The Australian Council of Social Service today urged the Federal Government to tighten access to the Aged Pension for people with significant assets and increase the preservation age of superannuation rather than introduce changes that make savings from those on the lowest incomes.
“The Government has a stark choice in this Budget: it must target payments to people who really need them, not make people at the bottom of the income and wealth scale struggle to survive day to day on even less income or work longer by increasing the retirement age,” said ACOSS CEO Dr Cassandra Goldie.
“We reject calls today for the Federal Government to “cut hard and cut early” in next month’s budget. This is unnecessary and risks hurting people at the very bottom the hardest.
“The Aged Pension is a vital shield against poverty for older people and many people of working age, and it is frugal by international standards. ACOSS has consistently argued it should be better targeted to those who need it – couples with a million dollars in financial assets should not receive a part-pension – but the rate of the pension for those who do need it must be high enough to prevent poverty.
“Before we can consider raising further the age to receive the age pension, two things must happen in tandem: income support payments especially Newstart Allowance must be raised to an adequate level, and the preservation age for superannuation should be increased so that it is the same as the pension age.
“ACOSS acknowledges the Government faces a challenge to restore the budget, but it must not be done at the expense of people struggling to survive on the lowest incomes . Raising the pension age would mainly affect people on the lowest incomes. Many people would be stuck on Newstart Allowance if unable to get paid work and lose $166 a week in income. Before increasing the pension age, we need to increase other working age payments to a liveable level and improve the employment prospects of older people.
“The maximum rate of pensions and other income support payments should not be cut, and all income support payments for people on low incomes including pensions and Newstart Allowance should be indexed to wage movements, not just to prices. The inadequacy of Newstart shows what happens when we only index payments to the Consumer Price Index. It hasn’t been increased above price movements since 1994, which means people who are unemployed have their living standards frozen at 1994 levels, falling well behind the rest of the community.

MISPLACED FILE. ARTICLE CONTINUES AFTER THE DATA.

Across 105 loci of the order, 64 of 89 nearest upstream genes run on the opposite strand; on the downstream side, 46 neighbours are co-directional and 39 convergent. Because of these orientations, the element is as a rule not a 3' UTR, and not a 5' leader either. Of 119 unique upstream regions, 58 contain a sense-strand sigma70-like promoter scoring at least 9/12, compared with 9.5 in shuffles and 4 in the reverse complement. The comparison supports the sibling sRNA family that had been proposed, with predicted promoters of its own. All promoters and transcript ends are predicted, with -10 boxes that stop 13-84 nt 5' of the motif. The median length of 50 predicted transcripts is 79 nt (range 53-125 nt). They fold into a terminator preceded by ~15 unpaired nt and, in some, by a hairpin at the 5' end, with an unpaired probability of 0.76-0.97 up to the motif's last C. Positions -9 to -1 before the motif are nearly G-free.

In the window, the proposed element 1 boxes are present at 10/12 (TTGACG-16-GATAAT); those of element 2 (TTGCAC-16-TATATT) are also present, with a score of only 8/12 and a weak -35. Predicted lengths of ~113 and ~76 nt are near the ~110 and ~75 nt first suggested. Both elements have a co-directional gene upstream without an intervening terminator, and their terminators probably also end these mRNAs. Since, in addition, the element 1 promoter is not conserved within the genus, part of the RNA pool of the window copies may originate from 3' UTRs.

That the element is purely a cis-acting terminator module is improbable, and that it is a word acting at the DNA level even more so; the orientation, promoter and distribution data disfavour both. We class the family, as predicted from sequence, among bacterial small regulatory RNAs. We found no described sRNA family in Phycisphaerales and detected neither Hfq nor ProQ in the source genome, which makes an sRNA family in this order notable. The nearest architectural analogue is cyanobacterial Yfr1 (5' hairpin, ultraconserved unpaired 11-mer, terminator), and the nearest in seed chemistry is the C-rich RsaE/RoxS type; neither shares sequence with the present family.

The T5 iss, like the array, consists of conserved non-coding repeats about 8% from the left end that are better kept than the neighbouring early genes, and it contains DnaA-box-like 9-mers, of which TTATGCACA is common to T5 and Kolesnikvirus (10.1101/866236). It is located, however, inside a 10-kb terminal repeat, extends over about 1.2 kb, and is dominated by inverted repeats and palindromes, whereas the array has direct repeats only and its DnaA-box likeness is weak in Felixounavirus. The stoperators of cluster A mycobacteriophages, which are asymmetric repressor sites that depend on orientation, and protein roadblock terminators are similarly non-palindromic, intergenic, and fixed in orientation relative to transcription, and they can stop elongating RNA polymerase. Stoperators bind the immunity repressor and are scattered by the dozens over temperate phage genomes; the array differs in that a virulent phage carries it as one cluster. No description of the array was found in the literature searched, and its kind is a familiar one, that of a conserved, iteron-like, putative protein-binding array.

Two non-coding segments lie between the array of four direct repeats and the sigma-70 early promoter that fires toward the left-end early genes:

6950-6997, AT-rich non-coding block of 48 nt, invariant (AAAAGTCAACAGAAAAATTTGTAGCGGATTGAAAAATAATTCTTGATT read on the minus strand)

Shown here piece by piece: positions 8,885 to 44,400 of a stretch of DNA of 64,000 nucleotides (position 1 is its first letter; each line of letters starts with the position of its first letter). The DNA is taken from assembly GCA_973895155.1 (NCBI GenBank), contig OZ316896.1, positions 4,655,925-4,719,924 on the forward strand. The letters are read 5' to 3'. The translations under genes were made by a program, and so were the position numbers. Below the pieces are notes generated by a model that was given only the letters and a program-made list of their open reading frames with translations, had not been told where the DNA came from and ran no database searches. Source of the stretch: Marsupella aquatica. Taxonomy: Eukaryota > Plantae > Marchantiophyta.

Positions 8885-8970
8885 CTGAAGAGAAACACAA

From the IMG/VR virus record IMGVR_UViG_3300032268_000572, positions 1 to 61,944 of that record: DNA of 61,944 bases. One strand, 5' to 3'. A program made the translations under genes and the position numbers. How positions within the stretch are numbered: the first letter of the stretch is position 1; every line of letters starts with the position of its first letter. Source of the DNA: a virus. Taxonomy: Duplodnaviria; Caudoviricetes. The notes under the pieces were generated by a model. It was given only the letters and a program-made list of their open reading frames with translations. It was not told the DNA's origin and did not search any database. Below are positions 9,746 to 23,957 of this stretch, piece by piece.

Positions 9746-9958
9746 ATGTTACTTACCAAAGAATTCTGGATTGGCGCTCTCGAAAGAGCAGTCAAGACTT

“The gap between pensions and allowance payments should be closed, but lowering the indexation of pensions to the CPI is not the way to do this. Instead, the lowest payments for single people should be raised by $50 a week, so that people who are unemployed, sole parents and students, also benefit from the payment increases awarded to single pensioners in 2009.
“On the other hand, the superannuation preservation age is only 55 years, a full ten years before the existing pension age. This early access to super mainly benefits people on high incomes and significant assets with large super account balances, who can either chose to retire early or avoid income tax on their earnings by churning their wages though their super accounts.
“Our immediate recommendations for changes to the retirement income system are targeted, and measured, generating savings for other priorities, and taking long term reform in the right direction. Our proposals would tighten the pension assets test to make it fairer (so that the pension is no longer available to those with over a million dollars in assets in addition to the family home), while reforming superannuation tax concessions to reduce the proportion of tax breaks going to those on the highest incomes.
“This would include capping concessionary contributions to $25,000, extending the 15% tax on superannuation earnings to include earnings generated in the retirement phase, and reducing the capacity for people in the retirement phase to churn their income through superannuation funds. These changes could be introduced in the short term, without impacting on those on the lowest incomes.
“The pension age should not be increased until the alternative social security payments are adequate. To strengthen workforce participation among older people, the best and fairest place to start is to raise the age at which people can claim their super,” Dr Goldie said.
Media Contact: Fernando de Freitas 0419 626 155
More information on ACOSS Budget proposals here.